Rational or irrational expectations? Evidence from China's stock market
Purpose – The paper aims to test the rational-expectations hypothesis using data from the Chinese stock market. Design/methodology/approach – The rational-expectations hypothesis plays a critical role in economic and financial studies. However, it is unclear whether this hypothesis is consistent with real-world decision making since existing empirical results are mixed. This paper tests the hypothesis directly using survey data from China's stock market by developing a technique to analyze discrete or limited independent-variable models. Findings – The paper shows that in China's stock market survey forecasts are overly optimistic, especially with positive information, and can be improved slightly using past information. Originality/value – The paper develops a technique to analyze the discrete or limited independent-variable model. Testing with Chinese stock market data provides some insights into the characteristics of emerging markets.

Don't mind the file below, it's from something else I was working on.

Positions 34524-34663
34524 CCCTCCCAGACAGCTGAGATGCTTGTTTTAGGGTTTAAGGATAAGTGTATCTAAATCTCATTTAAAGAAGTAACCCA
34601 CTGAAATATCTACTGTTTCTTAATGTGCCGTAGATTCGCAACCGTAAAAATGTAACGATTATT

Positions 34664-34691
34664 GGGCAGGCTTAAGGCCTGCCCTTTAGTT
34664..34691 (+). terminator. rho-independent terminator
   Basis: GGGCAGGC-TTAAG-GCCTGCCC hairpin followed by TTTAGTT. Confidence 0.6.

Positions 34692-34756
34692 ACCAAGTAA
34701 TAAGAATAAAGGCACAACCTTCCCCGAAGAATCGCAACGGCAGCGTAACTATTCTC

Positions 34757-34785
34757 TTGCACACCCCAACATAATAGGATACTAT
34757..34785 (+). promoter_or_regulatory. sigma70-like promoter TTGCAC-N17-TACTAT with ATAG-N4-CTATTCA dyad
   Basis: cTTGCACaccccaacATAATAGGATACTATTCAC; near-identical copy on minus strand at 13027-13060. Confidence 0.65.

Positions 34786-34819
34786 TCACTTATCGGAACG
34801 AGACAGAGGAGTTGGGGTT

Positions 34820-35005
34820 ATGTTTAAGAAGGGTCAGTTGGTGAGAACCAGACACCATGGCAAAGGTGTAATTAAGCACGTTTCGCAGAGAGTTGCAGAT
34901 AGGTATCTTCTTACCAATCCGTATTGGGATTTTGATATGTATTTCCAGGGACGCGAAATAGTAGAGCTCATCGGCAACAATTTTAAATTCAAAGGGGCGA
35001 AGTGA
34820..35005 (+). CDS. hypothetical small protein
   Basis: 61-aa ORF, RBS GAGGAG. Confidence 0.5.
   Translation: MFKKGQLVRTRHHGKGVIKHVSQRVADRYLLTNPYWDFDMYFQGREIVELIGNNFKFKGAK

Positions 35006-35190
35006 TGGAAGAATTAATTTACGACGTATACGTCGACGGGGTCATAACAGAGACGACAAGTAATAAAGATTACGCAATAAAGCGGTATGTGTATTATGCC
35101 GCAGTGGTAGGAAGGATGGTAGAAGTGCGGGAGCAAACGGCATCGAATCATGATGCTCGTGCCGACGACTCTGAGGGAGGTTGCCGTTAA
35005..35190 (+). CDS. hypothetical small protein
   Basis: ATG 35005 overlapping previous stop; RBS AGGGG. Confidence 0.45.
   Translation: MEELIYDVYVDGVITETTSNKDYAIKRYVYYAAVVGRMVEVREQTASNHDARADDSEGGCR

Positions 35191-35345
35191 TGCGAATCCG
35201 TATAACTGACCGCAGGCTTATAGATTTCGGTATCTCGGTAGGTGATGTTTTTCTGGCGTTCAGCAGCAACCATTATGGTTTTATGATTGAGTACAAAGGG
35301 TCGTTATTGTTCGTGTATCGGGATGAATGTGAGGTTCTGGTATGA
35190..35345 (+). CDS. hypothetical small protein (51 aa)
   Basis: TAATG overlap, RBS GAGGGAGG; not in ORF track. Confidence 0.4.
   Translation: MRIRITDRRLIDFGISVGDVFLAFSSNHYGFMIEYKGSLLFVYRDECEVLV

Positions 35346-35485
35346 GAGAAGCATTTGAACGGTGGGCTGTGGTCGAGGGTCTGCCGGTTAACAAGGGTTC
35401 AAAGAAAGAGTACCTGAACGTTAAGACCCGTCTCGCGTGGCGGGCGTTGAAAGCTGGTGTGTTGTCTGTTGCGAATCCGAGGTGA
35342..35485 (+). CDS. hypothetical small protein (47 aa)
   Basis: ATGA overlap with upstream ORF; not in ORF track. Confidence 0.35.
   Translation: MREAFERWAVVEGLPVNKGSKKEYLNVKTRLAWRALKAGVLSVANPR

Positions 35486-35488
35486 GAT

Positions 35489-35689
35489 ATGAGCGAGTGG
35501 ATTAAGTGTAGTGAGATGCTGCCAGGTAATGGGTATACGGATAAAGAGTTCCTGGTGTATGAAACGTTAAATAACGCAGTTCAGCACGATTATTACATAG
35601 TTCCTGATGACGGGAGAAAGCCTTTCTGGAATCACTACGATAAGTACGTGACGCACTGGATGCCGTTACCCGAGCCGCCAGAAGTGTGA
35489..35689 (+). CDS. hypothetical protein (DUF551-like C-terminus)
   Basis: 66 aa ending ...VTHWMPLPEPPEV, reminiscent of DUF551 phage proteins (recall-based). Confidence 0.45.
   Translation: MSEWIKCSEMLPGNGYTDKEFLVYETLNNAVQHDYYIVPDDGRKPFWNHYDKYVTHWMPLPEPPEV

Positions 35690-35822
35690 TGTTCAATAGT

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Volume (Year): 10 (2009)
Issue (Month): 5 (November)
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References listed on IDEAS
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- Keane, Michael P & Runkle, David E, 1990. "Testing the Rationality of Price Forecasts: New Evidence from Panel Data," American Economic Review, American Economic Association, vol. 80(4), pages 714-35, September.
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